• A rabbit's foot is carried as an amulet believed to bring good luck. This is found in many parts of the world, and with the earliest use being in Europe around 600 B.C.[36]
  • In Japanese tradition, rabbits live on the Moon where they make mochi, the popular snack of mashed sticky rice. This comes from interpreting the pattern of dark patches on the moon as a rabbit standing on tiptoes on the left pounding on an usu, a Japanese mortar (See also: Moon rabbit).
  • In Jewish folklore, rabbits (shfanim שפנים) are associated with cowardice, a usage still current in contemporary Israeli spoken Hebrew (similar to English colloquial use of "chicken" to denote cowardice).
  • In Korean mythology, like in Japanese, presents rabbits living on the moon making rice cakes (Tteok in Korean).
  • In Anishinaabe traditional beliefs, held by the Ojibwe and some other Native American peoples, Nanabozho, or Great Rabbit, is an important deity related to the creation of the world.
  • A Vietnamese mythological story portrays the rabbit of innocence and youthfulness. The Gods of the myth are shown to be hunting and killing rabbits to show off their power.

On the Isle of Portland in Dorset, UK, the rabbit is said to be unlucky and speaking its name can cause upset with older residents. This is thought to date back to early times in the quarrying industry, where piles of extracted stone (not fit for sale) were built into tall rough walls (to save space) directly behind the working quarry face; the rabbit's natural tendency to burrow would weaken these "walls" and cause collapse, often resulting in injuries or even death. The name rabbit is often substituted with words such as “long ears” or “underground mutton”, so as not to have to say the actual word and bring bad luck to oneself. It is said that a public house (on the island) can be cleared of people by calling out the word rabbit and while this was very true in the past, it has gradually become more fable than fact over the past 50 years. See also Three hares.

Other fictional rabbits[edit]

The rabbit as trickster appears in American popular culture; for example the Br'er Rabbit character from African-American folktales and Disney animation; and the Warner Bros. cartoon character Bugs Bunny.

Anthropomorphized rabbits have appeared in a host of works of film, literature, and technology, notably the White Rabbit and the March Hare in Lewis Carroll's Alice's Adventures in Wonderland; in the popular novels Watership Down, by Richard Adams (which has also been made into a movie), Rabbit Hill by Robert Lawson, as well as in Beatrix Potter's Peter Rabbit stories and Oswald the Lucky Rabbit from 1920s and 1930s cartoons.

Urban legends[edit]

Main article: Rabbit test

It was commonly believed that pregnancy tests were based on the idea that a rabbit would die if injected with a pregnant woman's urine. This is not true. However, in the 1920s it was discovered that if the urine contained the hCG, a hormone found in the bodies of pregnant women, the rabbit would display ovarian changes. The rabbit would then be killed to have its ovaries inspected, but the death of the rabbit was not the indicator of the results. Later revisions of the test allowed technicians to inspect the ovaries without killing the animal. A similar test involved injecting Xenopus frogs to make them lay eggs, but animal tests for pregnancy have been made obsolete by faster, cheaper, and simpler modern methods.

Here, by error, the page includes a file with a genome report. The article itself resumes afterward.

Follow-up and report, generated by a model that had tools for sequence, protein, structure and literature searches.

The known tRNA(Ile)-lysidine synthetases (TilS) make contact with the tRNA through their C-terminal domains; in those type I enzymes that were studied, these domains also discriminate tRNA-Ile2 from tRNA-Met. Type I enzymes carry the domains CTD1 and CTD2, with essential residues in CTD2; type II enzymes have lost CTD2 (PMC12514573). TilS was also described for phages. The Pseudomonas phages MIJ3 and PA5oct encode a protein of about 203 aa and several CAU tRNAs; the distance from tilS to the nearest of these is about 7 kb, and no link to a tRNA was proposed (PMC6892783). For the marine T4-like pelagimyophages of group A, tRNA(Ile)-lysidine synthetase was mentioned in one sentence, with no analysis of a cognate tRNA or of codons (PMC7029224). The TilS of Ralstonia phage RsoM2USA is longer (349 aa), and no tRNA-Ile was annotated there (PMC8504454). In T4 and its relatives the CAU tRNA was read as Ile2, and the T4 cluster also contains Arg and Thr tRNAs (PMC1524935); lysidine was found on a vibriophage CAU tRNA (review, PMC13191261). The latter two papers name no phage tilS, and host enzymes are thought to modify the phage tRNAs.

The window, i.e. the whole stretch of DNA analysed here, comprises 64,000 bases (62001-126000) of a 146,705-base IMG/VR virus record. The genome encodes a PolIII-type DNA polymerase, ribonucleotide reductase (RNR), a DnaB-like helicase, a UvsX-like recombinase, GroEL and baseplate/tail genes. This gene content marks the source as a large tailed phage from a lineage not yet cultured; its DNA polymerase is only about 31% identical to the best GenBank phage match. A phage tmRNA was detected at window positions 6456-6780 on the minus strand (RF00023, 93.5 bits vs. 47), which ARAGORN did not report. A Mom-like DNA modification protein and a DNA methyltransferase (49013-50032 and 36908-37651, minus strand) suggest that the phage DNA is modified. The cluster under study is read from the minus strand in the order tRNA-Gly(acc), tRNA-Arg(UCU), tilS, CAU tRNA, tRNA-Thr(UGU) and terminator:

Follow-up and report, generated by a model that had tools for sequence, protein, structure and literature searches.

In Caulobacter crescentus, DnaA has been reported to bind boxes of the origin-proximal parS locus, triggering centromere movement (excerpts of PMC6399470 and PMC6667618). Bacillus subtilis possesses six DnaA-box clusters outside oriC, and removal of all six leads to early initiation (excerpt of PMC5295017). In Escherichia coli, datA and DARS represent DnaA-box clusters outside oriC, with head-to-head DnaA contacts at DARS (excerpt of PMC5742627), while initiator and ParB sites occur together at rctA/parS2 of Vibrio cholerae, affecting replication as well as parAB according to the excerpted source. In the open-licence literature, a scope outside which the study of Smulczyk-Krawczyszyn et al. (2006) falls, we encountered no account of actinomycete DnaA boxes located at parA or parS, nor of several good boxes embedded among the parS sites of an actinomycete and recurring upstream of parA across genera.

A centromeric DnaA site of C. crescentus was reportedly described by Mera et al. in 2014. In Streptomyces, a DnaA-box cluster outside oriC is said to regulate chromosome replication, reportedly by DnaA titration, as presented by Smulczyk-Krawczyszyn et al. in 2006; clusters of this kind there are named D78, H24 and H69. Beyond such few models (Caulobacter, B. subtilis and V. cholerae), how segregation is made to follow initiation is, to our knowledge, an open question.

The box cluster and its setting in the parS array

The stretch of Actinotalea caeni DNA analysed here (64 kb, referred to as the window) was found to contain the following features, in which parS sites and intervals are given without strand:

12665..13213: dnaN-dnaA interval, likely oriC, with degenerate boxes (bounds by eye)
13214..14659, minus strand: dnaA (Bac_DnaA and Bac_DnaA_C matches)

Classifications[edit]

Eastern Cottontail (Sylvilagus floridanus)

Rabbits and hares were formerly classified in the order Rodentia (rodent) until 1912, when they were moved into a new order Lagomorpha. This order also includes pikas.

Order Lagomorpha

See also[edit]

References[edit]

  1. ^ a b c "Rabbit Habitats". Retrieved 2009-07-07. 
  2. ^ a b c "rabbit". Encyclopædia Britannica (Standard ed.). Chicago: Encyclopædia Britannica, Inc. 2007. 
  3. ^ Brown, Louise (2001). How to Care for Your Rabbit. Kingdom Books. p. 6. ISBN 978-1-85279-167-4. 
  4. ^ Katherine Quesenberry & James W. Carpenter, Ferrets, Rabbits, and Rodents: Clinical Medicine and Surgery (3rd ed. 2011).
  5. ^ "Rabbits: Rabbit feet". Retrieved 2010-07-13. 
  6. ^ http://www.bio.miami.edu/hare/vision.html?1
  7. ^ "Feeding the Pet Rabbit"
  8. ^ Dr. Byron de la Navarre's "Care of Rabbits" Susan A. Brown, DVM's "Overview of Common Rabbit Diseases: Diseases Related to Diet"
  9. ^ Fedriani, J.M., Palomares, F., Delibes, M (1999). 23/Fedriani.pdf "Niche relations among three sympatric Mediterranean carnivores". Oecologia 121: 138–148. doi:10.1007/s004420050915. JSTOR 4222449. 
  10. ^ Tynes, Valarie V. Behavior of Exotic Pets. Wiley Blackwell, 2010, p. 70
  11. ^ Davis, Susan E. and DeMello, Margo Stories Rabbits Tell: A Natural And Cultural History of A Misunderstood Creature. Lantern Books, 2003, p. 27.
  12. ^ "40 Winks?" Jennifer S. Holland, National Geographic Vol. 220, No. 1. July 2011.
  13. ^ Wright, Samantha (2011). For The Love of Parsley. A Guide To Your Rabbit's Most Common Behaviours. Lulu. pp. 35–36. ISBN 1446791114. 
  14. ^ Animal Lifespans from Tesarta Online (Internet Archive)
  15. ^ The Life Span of Animals from Dr Bob's All Creatures Site
  16. ^ "What's the lifespan of a rabbit?". House Rabbit Society. Retrieved 2010-09-27. 
  17. ^ "Information for Rabbit Owners — Oak Tree Veterinary Centre". Oaktreevet.co.uk. Retrieved 2010-08-30. 
  18. ^ The Private Life of the Rabbit, R. M. Lockley, 1964. Chapter 10.
  19. ^ "True or False? Rabbits are physically incapable of vomiting. (Answer to Pop Quiz)". 
  20. ^ Cooke, Brian Douglas (2014). Australia's War Against Rabbits. CSIRO Publishing. ISBN 9780643096127. 
  21. ^ "Rabies: Other Wild Animals". Centers for Disease Control and Prevention. 15 November 2011. Retrieved 20 December 2012. 
  22. ^ Wood, Maggie. "Parasites of Rabbits". Chicago Exotics, PC. Retrieved 8 April 2013. 
  23. ^ Boschert, Ken. "Internal Parasites of Rabbits". Net Vet. Retrieved 8 April 2013. 
  24. ^ "Children and Rabbits". Rabbit.org. Retrieved 2010-08-30. 
  25. ^ House Rabbit Society